04
June
2018
|
08:43 PM
America/New_York

4 Insights About 911

Calling 911 when you or someone you know is experiencing a medical emergency is the fastest and most efficient way to receive potentially life-saving care.

In the Pocono region, rapid response by emergency medical services (EMS) providers ensures patients receive optimal on-the-scene care and then transport to optimal emergency care at Lehigh Valley Hospital (LVH)–Pocono. The synergy of emergency scene care provided by our EMS partners and emergency room care at LVH–Pocono improves patient outcomes every day.

“In the ambulance, we can assess your vital signs, give you oxygen if necessary and provide basic lifesaving medical treatment in your home and on the way to the emergency department,” says Dawn Stout, emergency medical services (EMS) and transport services manager at LVH-Pocono.

If you’re having a heart attack, for example, ambulance personnel can do an electrocardiogram (EKG) and transmit data to the hospital’s emergency department. Hospital staff also can prepare the cardiac catheterization lab or the operating room.

Four insights about 911

Your composure and ability to follow directions can help ensure emergency medical care gets to you quickly.

  1. When in doubt, always call
    Dialing 911 can be a tough decision. But as a general rule, it’s better to be safe than sorry. “When in doubt, you should always call,” Stout says. The call-taker can assess your circumstances and determine whether you need emergency help.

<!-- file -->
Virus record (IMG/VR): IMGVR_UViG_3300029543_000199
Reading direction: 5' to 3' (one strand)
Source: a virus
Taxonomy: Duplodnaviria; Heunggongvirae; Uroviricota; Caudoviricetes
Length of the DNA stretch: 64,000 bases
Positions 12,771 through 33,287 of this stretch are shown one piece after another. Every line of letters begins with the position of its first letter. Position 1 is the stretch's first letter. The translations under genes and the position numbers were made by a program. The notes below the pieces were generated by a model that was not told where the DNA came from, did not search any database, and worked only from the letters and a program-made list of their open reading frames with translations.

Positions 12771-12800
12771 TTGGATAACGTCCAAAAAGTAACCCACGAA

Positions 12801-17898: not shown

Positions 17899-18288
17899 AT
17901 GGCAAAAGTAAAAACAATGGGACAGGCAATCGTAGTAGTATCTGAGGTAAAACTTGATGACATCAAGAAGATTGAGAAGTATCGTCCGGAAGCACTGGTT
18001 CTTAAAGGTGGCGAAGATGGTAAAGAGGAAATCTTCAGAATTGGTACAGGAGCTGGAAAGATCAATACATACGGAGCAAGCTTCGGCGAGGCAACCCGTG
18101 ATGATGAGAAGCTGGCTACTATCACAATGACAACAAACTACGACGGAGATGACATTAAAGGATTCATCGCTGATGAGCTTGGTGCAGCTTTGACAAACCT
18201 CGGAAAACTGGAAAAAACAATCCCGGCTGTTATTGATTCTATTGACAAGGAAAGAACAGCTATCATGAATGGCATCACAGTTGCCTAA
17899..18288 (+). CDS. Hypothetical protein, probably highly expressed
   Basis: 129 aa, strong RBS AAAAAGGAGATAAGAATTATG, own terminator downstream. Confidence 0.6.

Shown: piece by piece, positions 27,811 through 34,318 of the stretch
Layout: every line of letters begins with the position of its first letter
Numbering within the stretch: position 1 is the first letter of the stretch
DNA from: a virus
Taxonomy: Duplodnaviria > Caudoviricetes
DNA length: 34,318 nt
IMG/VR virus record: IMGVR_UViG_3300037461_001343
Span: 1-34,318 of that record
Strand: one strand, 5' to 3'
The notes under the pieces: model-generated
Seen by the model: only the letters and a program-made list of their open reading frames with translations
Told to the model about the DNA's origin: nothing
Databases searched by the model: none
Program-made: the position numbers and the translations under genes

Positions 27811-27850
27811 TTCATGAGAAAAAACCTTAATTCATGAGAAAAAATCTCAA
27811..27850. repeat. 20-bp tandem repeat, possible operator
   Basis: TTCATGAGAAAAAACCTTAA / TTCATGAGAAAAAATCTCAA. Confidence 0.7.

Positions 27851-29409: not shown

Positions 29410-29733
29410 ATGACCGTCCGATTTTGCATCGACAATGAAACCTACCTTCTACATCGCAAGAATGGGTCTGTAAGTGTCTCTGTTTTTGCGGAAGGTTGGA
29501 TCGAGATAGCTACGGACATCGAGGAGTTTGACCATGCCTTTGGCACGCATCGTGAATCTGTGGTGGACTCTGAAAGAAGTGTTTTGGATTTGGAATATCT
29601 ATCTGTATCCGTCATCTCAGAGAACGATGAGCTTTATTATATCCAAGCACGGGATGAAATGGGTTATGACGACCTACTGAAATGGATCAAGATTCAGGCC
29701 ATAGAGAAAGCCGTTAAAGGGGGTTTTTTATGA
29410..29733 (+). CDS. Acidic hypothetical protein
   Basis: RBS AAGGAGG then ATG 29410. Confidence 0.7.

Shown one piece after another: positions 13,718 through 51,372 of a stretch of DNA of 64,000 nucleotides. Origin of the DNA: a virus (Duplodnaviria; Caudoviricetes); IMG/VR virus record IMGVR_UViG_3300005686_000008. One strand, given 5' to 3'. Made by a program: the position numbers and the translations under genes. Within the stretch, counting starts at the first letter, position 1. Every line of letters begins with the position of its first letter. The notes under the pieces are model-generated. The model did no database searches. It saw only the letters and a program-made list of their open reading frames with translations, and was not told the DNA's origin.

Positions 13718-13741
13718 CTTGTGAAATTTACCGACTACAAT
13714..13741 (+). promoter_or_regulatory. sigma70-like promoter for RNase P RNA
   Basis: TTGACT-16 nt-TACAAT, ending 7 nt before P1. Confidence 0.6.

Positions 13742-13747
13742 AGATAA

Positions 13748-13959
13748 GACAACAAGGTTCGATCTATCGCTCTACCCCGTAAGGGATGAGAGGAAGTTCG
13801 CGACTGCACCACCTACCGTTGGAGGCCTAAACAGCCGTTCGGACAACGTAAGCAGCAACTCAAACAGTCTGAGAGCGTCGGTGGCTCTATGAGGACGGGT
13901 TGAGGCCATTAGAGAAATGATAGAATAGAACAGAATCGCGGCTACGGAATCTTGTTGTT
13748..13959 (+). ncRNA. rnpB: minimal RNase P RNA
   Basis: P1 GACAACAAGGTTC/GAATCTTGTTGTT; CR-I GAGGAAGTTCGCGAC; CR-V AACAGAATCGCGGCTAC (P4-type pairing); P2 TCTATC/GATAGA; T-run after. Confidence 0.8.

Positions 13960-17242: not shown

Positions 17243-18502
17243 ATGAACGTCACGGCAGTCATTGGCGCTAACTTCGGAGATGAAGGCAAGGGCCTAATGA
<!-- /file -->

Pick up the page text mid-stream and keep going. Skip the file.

2. Have information for 911 operator
    Be prepared to answer questions like: location of the emergency, street address, phone number you’re calling from and nature of the emergency. Don’t hang up until you’re told to do so.

  3. NEVER drive yourself to the ER
    And never have a friend or relative drive you, either. It can be dangerous for you and others. “We’ve had patients with chest pain drive themselves to the emergency department who had a heart attack en route,” Stout says. If you lose consciousness while driving, you can endanger other drivers. And if you’re being driven and your situation worsens, your driver may not know how to help you. You could also get stuck in traffic, wasting precious, life-saving minutes.

  4. Make sure they can find you
    In case of a medical emergency that requires an ambulance, make sure there’s a clear path to your home and that your house number is posted on your house so signage is clearly visible. “Do what you can to make it easy for us to find the right address, Stout says.” 

Print and complete our VItal Medical Information sheet and post in a visible place for first responders to reference if needed.